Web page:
Let’s say you are a woman in your forties, and the mother of three children. After the birth of your third child you began to suffer from pelvic organ prolapse. This condition occurs when an organ like the bladder drops from its normal position and presses against the walls of the vagina. You go to your gynecologist, who recommends implantation of transvaginal mesh (TVM), the net-like plastic product that was marketed and sold as a solution to the problem of pelvic organ prolapse. You have the surgery. Soon you begin to suffer new and different pain and new health problems. You undergo three revision surgeries to remove all the pieces of the mesh. But after the revision surgeries you still suffer from pain and incontinence. You call an attorney, who files a lawsuit against the manufacturer of the TVM product. A few months into the litigation, your attorney explains that you now need an expert witness.
Your attorney is absolutely correct: you will need an expert witness in virtually all product liability cases. And a good one. And fast. If you do not have a qualified expert witness who can make the connection between your injuries and the failed product, then in the eyes of the court you do not have a case.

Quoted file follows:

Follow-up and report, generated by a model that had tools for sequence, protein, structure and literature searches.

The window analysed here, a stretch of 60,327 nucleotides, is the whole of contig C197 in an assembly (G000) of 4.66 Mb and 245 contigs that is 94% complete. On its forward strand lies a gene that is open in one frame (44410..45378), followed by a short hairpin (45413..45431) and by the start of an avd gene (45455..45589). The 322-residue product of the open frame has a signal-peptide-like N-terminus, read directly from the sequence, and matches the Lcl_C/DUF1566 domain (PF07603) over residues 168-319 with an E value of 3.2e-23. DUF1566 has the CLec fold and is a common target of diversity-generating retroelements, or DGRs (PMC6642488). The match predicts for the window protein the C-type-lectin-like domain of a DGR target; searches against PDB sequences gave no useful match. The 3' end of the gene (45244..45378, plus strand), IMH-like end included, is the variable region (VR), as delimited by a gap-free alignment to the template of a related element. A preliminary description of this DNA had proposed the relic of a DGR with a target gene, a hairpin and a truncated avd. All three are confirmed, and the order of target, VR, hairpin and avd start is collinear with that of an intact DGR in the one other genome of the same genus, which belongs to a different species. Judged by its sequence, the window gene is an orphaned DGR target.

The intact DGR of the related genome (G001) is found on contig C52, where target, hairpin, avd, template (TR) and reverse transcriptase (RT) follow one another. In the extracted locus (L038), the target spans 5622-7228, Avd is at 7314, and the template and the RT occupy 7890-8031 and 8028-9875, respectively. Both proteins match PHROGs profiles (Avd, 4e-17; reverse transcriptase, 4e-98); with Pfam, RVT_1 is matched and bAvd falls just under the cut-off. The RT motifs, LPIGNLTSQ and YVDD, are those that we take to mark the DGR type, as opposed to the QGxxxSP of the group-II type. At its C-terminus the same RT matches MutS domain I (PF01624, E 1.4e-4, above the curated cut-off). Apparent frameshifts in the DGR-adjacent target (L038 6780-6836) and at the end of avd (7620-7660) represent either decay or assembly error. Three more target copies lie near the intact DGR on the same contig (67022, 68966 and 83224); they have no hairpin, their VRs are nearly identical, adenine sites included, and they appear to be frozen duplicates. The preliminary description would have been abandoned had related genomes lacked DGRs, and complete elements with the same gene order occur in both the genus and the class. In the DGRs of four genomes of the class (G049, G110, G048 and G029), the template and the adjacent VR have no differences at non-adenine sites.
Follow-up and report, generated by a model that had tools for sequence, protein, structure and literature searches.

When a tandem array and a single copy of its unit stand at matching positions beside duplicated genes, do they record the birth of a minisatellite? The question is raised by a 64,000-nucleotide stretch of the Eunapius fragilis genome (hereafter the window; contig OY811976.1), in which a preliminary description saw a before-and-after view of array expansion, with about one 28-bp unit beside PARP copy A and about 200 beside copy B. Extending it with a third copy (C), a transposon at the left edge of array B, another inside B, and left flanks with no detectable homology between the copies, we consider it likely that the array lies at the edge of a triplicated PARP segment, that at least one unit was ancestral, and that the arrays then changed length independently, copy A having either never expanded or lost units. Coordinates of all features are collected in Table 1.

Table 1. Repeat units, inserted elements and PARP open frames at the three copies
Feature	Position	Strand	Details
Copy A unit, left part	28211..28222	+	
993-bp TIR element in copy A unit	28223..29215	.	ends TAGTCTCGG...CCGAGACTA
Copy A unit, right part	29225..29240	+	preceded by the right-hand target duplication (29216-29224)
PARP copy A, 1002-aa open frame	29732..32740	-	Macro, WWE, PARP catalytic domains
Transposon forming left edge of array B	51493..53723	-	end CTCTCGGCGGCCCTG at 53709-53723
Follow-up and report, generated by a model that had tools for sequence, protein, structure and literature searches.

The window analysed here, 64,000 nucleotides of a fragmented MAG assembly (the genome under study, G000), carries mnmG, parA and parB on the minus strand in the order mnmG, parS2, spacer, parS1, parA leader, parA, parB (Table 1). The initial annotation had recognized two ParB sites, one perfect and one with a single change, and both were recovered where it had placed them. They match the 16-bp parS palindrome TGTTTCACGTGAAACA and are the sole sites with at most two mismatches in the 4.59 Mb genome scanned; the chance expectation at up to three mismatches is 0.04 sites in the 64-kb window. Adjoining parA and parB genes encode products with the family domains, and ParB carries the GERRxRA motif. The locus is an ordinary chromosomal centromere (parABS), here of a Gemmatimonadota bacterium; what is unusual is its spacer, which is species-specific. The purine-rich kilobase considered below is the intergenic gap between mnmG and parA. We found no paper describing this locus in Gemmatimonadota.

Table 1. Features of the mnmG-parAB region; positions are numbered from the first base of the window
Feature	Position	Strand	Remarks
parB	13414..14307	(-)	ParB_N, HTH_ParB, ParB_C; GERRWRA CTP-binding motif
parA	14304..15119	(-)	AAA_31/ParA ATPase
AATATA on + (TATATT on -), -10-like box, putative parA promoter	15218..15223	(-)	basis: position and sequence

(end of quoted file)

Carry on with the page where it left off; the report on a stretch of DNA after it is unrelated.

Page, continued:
Your Most Important Witness
Expert witnesses are critical members of the team that is built to win your product liability case. In fact, other than your choice of attorney, the selection of the expert witness will be the most important decision you will make to help you win your case.
Expert witnesses are common in all kinds of litigation. In a simple car crash case, a treating doctor is almost always called to testify about the nature of the plaintiff’s injuries after the crash. In some car crash cases, a second expert witness will be called to explain why a car’s brakes failed, or why the car’s airbag did not deploy. Usually this testimony ends by showing causation, “and if the brakes did not fail, the driver would not have crashed into that oak tree and broken his arm.”
In a product liability case, the expert must be able to show causation, to make the connection between the failure of the product and the injuries the person suffered. If the injured person cannot show this causation through the testimony of a qualified expert witness, she cannot win her case. In the example at the top of this post, the expert will have to be able to testify that the new pains and the new health problems were medically caused by the failure of the mesh and the need for multiple revision surgeries.
But I’m getting ahead of myself.